Aside from exposing the austere and fragile beauty of the pristine nature of the Polar Regions, Sebastian Copeland’s photographs have also a pragmatic aim – to use the art of photography to raise awareness of climate change on the planet and to campaign for a sustainable future: “Helping people fall in love with their world is a catalyst to wanting to save it.”
The melting of glaciers and thinning of the ice sheet in the Arctic and the Antarctic is happening faster than anywhere else on the Earth, and this is a clear sign of the changing climate.
“What happens in the Arctic, doesn’t stay in the Arctic!”– Copeland points out.
Having been an environmental activist since 1999, he has spoken at the UN and at international conferences around the world; he is on the Board of Directors of Global Green (the US arm of NGO environmental organisation Green Cross International, founded by Mikhail Gorbachev). In the foreword to Copeland’s book on Antarctica, Mikhail Gorbachev writes:
“It is in this essence of hopefulness that ‘Antarctica: The Global Warning’ came to life. It depicts the ephemeral and austere beauty of Antarctica through stunning photographs of the largest remaining wilderness on Earth.”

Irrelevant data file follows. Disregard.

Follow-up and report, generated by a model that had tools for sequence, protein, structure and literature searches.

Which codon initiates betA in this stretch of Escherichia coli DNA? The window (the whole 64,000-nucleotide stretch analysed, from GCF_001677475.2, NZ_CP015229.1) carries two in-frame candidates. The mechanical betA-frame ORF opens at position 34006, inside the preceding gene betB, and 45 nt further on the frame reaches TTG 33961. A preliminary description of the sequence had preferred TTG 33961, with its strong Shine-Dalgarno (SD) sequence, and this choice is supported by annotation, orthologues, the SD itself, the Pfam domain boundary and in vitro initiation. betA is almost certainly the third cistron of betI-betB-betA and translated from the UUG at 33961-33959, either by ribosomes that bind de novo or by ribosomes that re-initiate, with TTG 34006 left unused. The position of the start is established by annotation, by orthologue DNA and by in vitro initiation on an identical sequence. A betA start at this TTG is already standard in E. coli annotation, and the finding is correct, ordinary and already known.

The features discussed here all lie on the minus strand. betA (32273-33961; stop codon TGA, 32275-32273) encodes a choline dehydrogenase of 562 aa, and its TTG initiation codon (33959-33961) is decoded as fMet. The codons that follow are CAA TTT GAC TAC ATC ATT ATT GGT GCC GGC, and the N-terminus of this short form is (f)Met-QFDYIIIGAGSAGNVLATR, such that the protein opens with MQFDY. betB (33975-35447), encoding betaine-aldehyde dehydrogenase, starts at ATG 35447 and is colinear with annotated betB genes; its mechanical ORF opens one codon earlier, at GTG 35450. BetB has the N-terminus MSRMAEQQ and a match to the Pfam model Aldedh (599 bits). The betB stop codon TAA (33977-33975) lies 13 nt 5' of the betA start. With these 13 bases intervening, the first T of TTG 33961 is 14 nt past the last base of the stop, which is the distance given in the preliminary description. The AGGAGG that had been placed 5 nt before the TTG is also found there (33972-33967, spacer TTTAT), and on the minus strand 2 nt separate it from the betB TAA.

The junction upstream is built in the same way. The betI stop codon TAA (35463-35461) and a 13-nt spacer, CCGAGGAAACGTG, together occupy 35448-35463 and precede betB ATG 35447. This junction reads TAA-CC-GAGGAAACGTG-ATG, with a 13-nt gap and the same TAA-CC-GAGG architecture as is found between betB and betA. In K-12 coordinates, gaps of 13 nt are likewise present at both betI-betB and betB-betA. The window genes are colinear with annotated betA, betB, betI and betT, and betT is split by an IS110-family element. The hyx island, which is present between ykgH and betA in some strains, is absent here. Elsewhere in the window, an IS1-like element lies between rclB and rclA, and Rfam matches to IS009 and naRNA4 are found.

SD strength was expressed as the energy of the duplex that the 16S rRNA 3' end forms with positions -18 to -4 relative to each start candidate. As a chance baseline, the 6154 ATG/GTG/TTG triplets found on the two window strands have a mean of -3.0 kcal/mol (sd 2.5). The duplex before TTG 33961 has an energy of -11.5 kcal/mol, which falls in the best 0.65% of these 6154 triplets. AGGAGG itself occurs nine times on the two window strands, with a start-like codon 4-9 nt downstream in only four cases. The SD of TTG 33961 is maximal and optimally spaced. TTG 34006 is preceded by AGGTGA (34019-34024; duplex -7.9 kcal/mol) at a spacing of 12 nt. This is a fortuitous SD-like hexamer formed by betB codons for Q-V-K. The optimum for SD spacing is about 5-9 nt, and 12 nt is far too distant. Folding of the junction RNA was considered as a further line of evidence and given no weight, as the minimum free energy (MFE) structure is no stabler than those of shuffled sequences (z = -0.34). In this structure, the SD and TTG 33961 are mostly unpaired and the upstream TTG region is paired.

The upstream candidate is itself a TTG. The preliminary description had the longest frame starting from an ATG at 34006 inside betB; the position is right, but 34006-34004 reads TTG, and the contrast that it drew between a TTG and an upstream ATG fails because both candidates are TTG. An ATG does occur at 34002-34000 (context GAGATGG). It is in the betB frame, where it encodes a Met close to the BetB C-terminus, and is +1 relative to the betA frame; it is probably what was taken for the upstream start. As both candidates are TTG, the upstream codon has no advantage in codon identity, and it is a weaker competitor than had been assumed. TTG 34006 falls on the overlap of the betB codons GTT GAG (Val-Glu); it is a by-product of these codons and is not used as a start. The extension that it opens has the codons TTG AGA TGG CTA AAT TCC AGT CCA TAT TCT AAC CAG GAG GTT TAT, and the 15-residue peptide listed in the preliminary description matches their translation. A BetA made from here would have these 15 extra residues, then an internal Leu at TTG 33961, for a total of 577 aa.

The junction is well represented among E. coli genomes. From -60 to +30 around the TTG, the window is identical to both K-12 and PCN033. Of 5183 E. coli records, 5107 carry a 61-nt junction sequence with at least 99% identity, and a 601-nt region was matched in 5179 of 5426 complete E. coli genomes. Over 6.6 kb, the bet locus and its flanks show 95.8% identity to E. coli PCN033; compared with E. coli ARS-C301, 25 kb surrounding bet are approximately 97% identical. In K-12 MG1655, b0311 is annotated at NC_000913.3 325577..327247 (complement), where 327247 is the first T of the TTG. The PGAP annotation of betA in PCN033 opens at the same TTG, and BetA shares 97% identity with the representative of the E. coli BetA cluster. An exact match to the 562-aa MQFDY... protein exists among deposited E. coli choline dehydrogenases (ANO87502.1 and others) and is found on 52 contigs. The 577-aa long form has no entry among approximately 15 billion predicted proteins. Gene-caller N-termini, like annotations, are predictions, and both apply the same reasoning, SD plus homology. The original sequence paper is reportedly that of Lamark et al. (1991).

Copeland has travelled a total of almost 8,000 kilometres on his journeys to the coldest regions of the world. He took part in several Arctic expeditions in 2005, 2008 and 2010 and led a team of nine young people to the northernmost Canadian Arctic as Young Ambassadors of the Arctic. In 2009, he repeated Robert Edwin Peary’s 700-kilometre-long journey (1909) on foot to the geographical North Pole, which is considered one of the most difficult routes in the world. In 2010, he spent 43 days crossing the Greenland ice sheet using skis and kites, travelling a distance of 2,300 kilometres. He spent the seasons of 2006 and 2007 aboard a scientific research icebreaker in the Antarctic Peninsula, and during the winter of 2011-2012 he led the East/West transcontinental crossing of Antarctica on skies and kites, setting three world records over 4,100 kilometres.